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A fast melting snowpack means CA might need to prepare for flooding

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In this photo taken April 1, 2017, snow surveyor Kevin Klinefelter skis near a snow-covered stream near Bishop Pass in the Inyo National Forest near Bishop, Calif. Snow surveys date to the early 1900s when a University of Nevada professor developed a method to weigh water content in snow and predict runoff into Lake Tahoe. Dam operators used the information to prevent flooding and save water, ending a fight between lake residents and land owners downstream. (AP Photo/Brian Melley)
Brian Melley/AP
In this photo taken April 1, 2017, snow surveyor Kevin Klinefelter skis near a snow-covered stream near Bishop Pass in the Inyo National Forest near Bishop, Calif.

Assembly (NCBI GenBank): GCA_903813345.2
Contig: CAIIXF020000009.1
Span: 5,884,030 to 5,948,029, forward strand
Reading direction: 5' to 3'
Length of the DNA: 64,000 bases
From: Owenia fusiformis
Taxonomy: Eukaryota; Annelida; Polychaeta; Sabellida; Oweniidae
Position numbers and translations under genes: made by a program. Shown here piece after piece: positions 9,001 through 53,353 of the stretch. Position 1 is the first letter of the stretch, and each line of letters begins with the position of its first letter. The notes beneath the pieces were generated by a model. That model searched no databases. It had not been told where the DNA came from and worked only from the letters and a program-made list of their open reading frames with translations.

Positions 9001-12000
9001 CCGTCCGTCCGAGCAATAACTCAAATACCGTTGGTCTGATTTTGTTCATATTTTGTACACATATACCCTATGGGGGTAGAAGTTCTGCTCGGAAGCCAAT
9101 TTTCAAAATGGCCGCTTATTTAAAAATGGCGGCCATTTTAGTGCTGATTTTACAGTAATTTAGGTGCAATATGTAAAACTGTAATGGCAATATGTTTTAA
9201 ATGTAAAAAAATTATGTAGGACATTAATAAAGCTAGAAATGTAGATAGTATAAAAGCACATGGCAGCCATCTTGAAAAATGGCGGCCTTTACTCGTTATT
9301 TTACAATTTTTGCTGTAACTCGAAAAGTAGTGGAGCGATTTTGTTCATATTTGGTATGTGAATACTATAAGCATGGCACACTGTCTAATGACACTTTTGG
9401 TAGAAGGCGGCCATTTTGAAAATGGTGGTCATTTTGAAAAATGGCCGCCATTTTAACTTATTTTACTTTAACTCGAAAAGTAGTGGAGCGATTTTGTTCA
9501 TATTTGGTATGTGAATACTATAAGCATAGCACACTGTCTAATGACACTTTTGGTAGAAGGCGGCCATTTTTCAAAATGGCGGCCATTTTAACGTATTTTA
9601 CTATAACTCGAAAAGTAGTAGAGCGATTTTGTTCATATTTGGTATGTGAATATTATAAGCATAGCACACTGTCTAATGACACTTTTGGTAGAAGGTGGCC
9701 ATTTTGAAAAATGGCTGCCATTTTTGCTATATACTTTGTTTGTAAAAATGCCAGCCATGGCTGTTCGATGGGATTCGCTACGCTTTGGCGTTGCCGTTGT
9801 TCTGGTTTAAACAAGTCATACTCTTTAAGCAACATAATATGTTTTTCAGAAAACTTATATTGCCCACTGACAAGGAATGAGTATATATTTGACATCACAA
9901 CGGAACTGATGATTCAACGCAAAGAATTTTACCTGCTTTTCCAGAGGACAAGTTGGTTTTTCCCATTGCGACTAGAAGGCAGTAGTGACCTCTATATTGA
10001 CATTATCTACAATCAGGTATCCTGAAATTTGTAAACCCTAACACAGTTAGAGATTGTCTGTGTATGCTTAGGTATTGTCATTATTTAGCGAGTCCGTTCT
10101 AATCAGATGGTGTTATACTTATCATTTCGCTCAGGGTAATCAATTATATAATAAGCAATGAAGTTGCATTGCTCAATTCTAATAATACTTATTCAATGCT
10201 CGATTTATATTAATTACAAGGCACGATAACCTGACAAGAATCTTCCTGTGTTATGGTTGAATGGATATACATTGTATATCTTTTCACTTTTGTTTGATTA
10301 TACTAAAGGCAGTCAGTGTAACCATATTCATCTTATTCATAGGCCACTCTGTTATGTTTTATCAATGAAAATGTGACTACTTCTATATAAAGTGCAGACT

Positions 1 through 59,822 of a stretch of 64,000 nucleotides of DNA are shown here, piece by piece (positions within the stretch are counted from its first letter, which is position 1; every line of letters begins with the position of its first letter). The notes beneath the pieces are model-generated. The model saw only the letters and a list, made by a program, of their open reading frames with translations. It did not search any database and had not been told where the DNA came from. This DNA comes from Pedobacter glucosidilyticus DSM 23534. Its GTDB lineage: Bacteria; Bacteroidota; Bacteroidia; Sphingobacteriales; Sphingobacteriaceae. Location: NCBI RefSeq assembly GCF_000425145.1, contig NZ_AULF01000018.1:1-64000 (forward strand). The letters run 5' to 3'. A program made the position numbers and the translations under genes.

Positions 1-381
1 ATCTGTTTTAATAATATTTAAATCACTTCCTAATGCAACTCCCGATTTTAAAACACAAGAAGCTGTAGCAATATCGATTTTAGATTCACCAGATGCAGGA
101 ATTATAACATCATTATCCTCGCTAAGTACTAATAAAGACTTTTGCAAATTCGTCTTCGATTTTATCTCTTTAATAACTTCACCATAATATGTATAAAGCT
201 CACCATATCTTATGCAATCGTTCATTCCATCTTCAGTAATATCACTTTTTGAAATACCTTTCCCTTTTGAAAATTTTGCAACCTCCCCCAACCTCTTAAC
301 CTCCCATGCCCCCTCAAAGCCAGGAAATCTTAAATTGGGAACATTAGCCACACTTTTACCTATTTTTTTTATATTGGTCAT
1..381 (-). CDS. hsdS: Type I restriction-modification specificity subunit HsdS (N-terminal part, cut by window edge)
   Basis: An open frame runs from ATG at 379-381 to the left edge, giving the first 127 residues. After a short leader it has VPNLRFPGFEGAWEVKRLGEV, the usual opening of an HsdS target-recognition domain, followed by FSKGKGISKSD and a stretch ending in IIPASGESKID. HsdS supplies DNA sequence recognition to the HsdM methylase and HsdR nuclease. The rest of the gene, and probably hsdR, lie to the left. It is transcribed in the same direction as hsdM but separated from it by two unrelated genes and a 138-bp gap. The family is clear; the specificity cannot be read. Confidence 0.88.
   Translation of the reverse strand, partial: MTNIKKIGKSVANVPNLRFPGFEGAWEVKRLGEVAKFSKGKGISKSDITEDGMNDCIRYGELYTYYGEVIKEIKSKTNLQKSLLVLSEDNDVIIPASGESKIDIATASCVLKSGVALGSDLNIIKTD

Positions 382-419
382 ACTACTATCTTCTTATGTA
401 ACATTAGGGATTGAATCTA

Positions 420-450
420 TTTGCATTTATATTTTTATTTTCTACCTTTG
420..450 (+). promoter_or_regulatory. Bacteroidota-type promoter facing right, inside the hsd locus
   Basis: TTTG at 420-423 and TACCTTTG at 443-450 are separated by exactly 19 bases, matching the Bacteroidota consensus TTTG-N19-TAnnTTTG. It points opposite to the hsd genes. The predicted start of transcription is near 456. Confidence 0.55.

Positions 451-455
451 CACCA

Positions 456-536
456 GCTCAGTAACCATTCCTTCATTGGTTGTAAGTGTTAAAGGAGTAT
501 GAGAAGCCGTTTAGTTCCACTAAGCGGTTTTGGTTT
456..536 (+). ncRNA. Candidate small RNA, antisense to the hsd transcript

After a very wet winter, California has been pulled out of the drought but the risk of flooding is real as the snowpack melts…rapidly.

Heads up! Just when you thought it was all over - it's expected to rain this weekend. 

California's been hit with plenty of precipitation this winter and that's put the snowpack WAY above normal. Good news for easing the drought. But there's some possible bad news, too. If all that snow melts too quickly, it could cause serious flooding.

Something the state already got a taste of earlier this year in San Jose and at the Oroville Dam.

So, what are we doing about it?

Let's ask Jay Lund. He's the Director of the Center for Watershed Science at UC Davis. He joined A Martinez to discuss how California deals with flooding.

To listen to the segment, click the blue play button above.

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